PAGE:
PLOESERSo I think what changed is just enough time to build the trust and understand that the occupy movement is a clear rejection of the two parties that have failed us in a political system that's too corrupt to allow the change that the 99 percent needs.
NNAMDIYou bring up a side issue that I cannot resist, so allow me to bring in Michael Kazin, professor in the department of history at Georgetown University and also the author of "American Dreamers: How the Left Changed a Nation." I am intrigued, Michael Kazin, by James' assertion that the Tea Party movement was co-opted. There are those who would argue that, in relation to the Tea party and the Republican Party, it was the other way around. What say you?
PROF. MICHAEL KAZINI think that's right, Kojo. I think that Tea Party movement is made up of people who really, for the most part, were all Republicans, conservative Republicans who wanted to make the Republican Party more conservative. And, in many ways, they've succeeded in that.
NNAMDIWell, I don't want to continue going down that road, so, James Ploeser, back to you. Police seem to be cracking down hard on protesters near Wall Street today. Are you watching what's happening there? Do you expect a similar reaction from police in this area?
PLOESERWe've had an interesting relationship with the police so far. It has not been as contentious as those on Wall Street. Last I saw on Wall Street, from what I've been watching, it has been -- there have been a lot of arrests. There've been a lot of people willing to risk arrest and doing straight-up civil disobedience expecting to be arrested because they believe in their cause so much.
PLOESERThey're also arresting -- they been doing dragnets, sweeping up innocent bystanders and folks who just were trying to figure out how to get to where they're going and are hoping to observe and have their voices heard on Wall Street. And that's really deplorable. They -- I heard that, actually, a retired police captain from Philadelphia was arrested today. He's standing in solidarity with the 99 percent folks on Wall Street.
PLOESERHere in D.C., especially in the fallout from the IMF and World Bank protests over the last -- about 10 years ago and following lawsuits of wrongful arrests, et cetera, the police have been much more kind with us. They've been -- not cracked down quite the way that we've seen in other places. But they have increasingly become a little bit more agitated in deploying forces and not have police against us, pushing us around a little bit in recent weeks.
PLOESERBut, for the most part, we've been able to communicate with open lines with the police, tell them, you know, what our general plan is, assure them that we mean no harm, remind them on a daily basis that we are a non-violent movement committed to social change and to building a non-violent movement. And they have been, more or less, cooperative with our aims.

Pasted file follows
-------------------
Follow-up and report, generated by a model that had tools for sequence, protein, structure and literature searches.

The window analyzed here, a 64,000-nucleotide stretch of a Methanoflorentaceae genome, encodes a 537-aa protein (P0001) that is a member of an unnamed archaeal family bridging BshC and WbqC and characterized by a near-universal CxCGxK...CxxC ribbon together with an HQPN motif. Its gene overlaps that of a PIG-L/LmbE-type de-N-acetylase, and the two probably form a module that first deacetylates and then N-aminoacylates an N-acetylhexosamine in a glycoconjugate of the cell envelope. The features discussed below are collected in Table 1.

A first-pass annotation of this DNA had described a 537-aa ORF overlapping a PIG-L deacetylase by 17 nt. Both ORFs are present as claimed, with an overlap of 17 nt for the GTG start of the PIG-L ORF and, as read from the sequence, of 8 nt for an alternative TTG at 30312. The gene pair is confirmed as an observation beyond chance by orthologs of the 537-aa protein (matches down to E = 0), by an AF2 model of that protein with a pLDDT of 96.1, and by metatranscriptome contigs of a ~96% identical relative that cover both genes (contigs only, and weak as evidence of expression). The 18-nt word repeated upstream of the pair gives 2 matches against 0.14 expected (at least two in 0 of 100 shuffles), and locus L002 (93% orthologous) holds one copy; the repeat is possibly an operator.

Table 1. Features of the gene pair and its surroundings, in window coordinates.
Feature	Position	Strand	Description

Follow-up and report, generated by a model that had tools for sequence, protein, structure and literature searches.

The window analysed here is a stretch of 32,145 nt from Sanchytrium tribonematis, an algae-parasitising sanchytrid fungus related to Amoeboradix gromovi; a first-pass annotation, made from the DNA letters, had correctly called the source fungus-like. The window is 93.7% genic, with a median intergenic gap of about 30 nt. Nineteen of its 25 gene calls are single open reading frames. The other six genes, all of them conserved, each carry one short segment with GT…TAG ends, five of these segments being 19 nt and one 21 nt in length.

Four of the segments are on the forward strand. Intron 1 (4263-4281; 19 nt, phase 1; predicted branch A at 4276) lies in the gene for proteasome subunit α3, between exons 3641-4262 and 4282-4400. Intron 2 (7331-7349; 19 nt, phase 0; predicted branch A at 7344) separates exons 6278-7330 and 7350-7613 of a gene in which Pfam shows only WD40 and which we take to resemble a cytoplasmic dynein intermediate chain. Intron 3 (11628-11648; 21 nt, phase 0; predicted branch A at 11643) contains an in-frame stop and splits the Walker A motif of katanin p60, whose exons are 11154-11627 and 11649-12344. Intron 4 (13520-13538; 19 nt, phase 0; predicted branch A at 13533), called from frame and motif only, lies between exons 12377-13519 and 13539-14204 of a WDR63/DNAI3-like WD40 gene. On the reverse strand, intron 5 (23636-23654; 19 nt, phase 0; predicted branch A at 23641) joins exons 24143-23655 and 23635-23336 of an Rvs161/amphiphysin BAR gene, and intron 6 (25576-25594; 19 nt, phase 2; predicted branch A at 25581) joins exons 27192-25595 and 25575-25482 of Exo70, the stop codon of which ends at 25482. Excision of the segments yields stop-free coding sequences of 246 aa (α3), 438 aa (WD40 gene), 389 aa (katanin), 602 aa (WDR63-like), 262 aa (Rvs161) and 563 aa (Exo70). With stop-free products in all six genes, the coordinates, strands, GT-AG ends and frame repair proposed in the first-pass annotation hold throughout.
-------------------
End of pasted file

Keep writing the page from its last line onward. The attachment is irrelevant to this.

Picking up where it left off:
NNAMDISo much for the police. What do you say to commuters? Some of them are complaining that the plan to march on the Key Bridge today will just complicate their afternoon commute, that they are part of the 99 percent. They're not part of the 1 percent that you're targeting, so why Key Bridge?
PLOESERWell, the Key Bridge, you know, again, it's been chosen because it's structurally deficient, and it is a bridge that needs to be called out as a place where we could -- where the 1 percent have failed to do their part to maintain our public infrastructure, and also right in the heart of Georgetown where there's a lot of some of the affluent folks in the city. Whereas you go to the other end of the town, we'll be seeing folks who are very much struggling. So I empathize with folks who are part of the 99 percent workers trying to get home, et cetera.
PLOESERAnd we have these discussions on an almost daily basis down here, about whether or not our objective is worth the inconvenience that we're causing to some of our fellow workers, fellow 99 percenters. And today, the point is to meet -- to -- we're going to be occupying the pedestrian spaces on the Key Bridge, not necessarily the traffic lanes itself. So it might slow things down, but it does not seem -- folks shouldn't be too worried that they're going to have -- be turned away when they're trying to get across the river into Virginia or vice versa.
NNAMDIIt's Your Turn. You can call us with your view of the Occupy movement as it marks its two-month anniversary. It's Your Turn, 800-433-8850. Or send email to firstname.lastname@example.org. Michael Kazin, what is your assessment of the impact of the Occupy movement so far?